Honors College
 

Document Type

Honors Thesis

Publication Date

Spring 2019

Abstract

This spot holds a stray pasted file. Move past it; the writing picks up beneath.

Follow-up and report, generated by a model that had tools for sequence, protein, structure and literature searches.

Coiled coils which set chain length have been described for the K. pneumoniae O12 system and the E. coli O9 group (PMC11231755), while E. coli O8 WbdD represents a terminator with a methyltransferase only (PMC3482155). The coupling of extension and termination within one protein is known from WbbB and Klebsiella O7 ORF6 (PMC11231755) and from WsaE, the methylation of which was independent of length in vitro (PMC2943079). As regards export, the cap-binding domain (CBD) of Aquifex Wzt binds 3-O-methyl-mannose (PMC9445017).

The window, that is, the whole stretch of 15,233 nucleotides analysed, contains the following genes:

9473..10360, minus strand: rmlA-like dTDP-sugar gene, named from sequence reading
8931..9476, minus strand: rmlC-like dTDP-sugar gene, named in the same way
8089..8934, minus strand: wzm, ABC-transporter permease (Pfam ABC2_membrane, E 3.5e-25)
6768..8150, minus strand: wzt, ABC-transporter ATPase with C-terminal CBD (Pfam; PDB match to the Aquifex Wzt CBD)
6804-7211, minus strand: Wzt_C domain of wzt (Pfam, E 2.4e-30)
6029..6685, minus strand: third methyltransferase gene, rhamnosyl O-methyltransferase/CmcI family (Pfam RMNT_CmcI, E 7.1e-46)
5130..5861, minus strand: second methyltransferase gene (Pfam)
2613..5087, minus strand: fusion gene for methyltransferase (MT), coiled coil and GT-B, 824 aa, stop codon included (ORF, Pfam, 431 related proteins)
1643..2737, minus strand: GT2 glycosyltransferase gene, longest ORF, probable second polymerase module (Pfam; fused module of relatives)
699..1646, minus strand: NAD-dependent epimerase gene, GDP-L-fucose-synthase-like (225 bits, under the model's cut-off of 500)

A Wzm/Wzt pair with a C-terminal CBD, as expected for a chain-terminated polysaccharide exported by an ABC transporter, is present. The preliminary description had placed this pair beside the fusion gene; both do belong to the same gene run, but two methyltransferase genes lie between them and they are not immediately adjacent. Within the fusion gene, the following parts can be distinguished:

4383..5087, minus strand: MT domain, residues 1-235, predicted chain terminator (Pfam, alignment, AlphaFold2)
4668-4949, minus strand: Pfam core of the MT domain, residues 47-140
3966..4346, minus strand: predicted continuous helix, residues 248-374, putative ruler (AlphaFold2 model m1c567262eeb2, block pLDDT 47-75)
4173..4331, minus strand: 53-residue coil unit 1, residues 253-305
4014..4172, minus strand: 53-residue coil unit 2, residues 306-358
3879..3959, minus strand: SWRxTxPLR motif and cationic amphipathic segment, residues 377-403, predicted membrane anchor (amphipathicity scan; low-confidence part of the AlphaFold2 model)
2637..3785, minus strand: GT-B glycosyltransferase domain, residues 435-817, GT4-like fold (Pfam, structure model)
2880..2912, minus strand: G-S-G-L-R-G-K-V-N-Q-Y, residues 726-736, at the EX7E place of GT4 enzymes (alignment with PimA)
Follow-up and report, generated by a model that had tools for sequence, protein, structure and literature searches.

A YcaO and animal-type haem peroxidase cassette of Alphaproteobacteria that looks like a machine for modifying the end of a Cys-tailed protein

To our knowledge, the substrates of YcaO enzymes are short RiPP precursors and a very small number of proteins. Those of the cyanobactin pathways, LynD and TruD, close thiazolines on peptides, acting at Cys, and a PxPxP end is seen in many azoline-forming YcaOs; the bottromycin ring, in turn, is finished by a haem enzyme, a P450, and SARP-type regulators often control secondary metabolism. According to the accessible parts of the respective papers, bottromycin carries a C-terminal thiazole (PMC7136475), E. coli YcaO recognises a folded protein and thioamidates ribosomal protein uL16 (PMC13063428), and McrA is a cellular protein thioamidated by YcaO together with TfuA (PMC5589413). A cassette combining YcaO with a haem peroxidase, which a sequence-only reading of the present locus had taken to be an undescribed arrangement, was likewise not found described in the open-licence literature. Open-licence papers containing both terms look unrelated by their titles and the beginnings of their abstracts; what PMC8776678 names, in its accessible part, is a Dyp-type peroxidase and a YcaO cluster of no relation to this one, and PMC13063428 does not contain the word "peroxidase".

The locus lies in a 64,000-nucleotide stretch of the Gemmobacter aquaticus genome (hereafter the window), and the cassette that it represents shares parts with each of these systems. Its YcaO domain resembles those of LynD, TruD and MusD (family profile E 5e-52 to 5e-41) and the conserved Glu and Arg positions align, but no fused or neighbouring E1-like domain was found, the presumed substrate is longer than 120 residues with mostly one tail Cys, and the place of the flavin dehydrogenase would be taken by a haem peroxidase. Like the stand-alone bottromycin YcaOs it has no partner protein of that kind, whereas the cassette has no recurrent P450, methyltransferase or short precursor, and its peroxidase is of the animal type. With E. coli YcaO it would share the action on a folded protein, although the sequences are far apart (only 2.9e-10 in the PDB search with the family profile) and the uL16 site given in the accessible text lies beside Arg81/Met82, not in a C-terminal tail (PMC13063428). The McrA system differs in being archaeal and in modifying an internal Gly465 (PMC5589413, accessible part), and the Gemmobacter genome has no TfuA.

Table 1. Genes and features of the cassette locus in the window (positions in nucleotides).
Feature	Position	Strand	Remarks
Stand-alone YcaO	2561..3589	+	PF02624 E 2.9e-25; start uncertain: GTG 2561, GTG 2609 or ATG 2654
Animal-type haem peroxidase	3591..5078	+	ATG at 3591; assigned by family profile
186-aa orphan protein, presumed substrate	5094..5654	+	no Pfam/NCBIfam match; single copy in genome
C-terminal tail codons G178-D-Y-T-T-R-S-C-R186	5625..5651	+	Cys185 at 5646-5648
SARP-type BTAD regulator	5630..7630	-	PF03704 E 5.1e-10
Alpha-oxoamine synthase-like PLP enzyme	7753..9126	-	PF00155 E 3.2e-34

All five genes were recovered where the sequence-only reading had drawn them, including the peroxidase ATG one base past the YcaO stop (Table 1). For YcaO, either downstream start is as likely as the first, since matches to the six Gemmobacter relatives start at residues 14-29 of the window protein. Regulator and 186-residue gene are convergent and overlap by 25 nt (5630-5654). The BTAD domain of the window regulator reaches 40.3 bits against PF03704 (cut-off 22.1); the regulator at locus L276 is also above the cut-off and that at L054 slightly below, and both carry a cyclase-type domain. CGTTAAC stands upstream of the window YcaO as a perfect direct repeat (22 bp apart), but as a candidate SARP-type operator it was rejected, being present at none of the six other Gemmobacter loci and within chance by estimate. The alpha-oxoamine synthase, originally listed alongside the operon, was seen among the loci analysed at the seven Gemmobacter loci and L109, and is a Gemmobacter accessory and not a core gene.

Across the range of a species realized niche, individuals can face a range of environmental factors that change as you move from the central range towards the edge. These changes in environmental factors can have a significant impact on the fitness of an individual. In insects, one way to determine this impact is to study the difference in adult body size across the span of the species range. In western Colorado, caddisflies are the biomass dominant detritivores in alpine pond ecosystems. Caddisflies are fundamental in providing nutrients to the ecosystem because of the nutrients that they recycle as detritivores. Understanding how elevation and other factors affect caddisfly fecundity is key to understanding how climate change will affect alpine communities globally. To have a better understanding of this concept, I studied 23 ponds ranging from 2,347 to 3,505 meters in elevation and analyzed how elevation, density, sex, pond type and year affected the adult body size of the caddisfly Asynarchus nigriculus. I collected density samples of these species in each pond throughout the summer. Pupae were placed in emergence chambers, and adults were collected and measured. Elevation had a significant positive effect while density had a significant negative effect on the adult body size of Asynarchus. The effect of pond type on Asynarchus body weight was almost significant in that adults were almost significantly larger in permanent ponds. Adults in 2004 were significantly larger than adults in other years, and females were significantly larger than males. These findings can help of have a better understanding of how alpine ecosystem processes may be changing in the future. In the past years, new species of caddisflies have begun to shift their range into higher elevations. This movement could have a significant impact on the existing caddisfly populations as well as how energy is flowing through the system. This study is important because understanding how climate change affects species that are part of foundational guilds may help us better understand its far-reaching effects on ecosystems.

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